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 News Article

Confusion Causes Anthrax Flap

By Jim Garamone
American Forces Press Service

WASHINGTON, July 2, 1999 – A misreading of a routine contracting procedure caused a spate of news stories June 29 that questioned whether DoD's anthrax vaccine is safe.

Army and DoD officials issued statements clarifying the contract provision and reassuring service members and their families that the vaccine is safe.

The news stories said Army Secretary Louis Caldera signed a document in September 1998 that agrees to shift product liability risks from vaccine maker BioPort Corp. to the government. In other words, potential litigants would sue the government, not BioPort.

"We do this in lieu of the company having to buy insurance," said Lt. Col. David Stockwell, Caldera's spokesman. The Army is the executive agent for the anthrax vaccination program.

In a written response to the news coverage, Caldera called the legal relief a "standard indemnification clause." He said it would "ensure a continuous supply of anthrax vaccine to America's soldiers without exposing BioPort to a level of product liability risk which might cause the company to cease production of this sole-source vaccine for fear of open-ended legal claims."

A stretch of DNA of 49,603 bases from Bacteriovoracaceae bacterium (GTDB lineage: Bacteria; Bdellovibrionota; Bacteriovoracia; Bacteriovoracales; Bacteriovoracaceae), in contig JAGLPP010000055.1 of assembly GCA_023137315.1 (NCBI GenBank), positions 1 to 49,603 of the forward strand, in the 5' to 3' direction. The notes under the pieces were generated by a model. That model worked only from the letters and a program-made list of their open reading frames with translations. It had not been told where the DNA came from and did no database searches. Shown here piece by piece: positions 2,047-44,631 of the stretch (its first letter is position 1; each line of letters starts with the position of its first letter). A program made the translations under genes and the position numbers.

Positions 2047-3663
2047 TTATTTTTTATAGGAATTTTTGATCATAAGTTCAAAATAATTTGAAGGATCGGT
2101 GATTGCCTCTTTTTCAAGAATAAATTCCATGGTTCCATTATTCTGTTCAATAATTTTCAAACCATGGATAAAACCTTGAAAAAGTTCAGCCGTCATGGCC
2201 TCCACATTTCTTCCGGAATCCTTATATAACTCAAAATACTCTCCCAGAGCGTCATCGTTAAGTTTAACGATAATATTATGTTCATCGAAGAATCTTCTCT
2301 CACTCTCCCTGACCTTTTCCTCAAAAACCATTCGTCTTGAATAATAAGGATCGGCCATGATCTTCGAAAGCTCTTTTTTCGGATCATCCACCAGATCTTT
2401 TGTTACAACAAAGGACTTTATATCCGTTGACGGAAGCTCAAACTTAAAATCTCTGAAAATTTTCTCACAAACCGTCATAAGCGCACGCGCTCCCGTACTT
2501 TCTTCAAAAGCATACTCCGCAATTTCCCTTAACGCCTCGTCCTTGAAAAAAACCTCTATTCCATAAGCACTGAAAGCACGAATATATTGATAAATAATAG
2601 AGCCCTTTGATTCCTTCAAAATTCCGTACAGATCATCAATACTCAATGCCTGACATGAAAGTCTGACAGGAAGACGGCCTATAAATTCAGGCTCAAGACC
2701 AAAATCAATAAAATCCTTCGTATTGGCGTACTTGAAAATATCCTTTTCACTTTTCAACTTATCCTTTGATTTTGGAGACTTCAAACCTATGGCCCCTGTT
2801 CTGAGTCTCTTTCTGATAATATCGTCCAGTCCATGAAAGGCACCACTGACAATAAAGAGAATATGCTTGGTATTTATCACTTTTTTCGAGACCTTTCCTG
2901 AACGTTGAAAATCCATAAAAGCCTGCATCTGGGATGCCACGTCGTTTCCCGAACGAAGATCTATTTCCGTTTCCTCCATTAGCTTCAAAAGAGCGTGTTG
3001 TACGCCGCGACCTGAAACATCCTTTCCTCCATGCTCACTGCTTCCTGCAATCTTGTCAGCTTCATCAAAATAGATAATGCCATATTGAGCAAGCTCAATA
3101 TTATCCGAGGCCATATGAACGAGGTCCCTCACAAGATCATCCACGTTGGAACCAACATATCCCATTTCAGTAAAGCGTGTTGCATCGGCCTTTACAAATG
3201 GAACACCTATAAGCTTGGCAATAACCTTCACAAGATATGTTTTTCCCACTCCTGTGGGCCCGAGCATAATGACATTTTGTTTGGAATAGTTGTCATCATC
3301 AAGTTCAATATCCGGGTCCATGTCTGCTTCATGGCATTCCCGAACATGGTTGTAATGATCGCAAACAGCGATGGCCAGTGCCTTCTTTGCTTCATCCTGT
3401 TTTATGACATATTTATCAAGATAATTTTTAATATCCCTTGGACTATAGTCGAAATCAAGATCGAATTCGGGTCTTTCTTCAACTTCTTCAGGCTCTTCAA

Pentagon spokesman Ken Bacon said DoD does not expect lawsuits and likened indemnification to insurance. "We all buy insurance for things we don't anticipate will ever happen, such as fire insurance for houses or libel insurance for newspapers," he said during a June 29 press conference. "This was [BioPort] seeking a type of insurance, indemnification from suits, should they arise."

Bacon said everything about the Food and Drug Administration-approved vaccine shows it is "incredibly safe." Evidence includes the results of supplemental DoD- ordered tests done by a private company, he noted.

"There have been 79 adverse reactions out of nearly 900,000 shots given so far," Bacon said. "This is a lower adverse reaction rate than in the [diphtheria, polio, tetanus] vaccine that all our children have received."

He called the newspaper article that initially caused the confusion a disservice to a program designed to protect American service members from a biological warfare threat with a 99 percent fatality rate.

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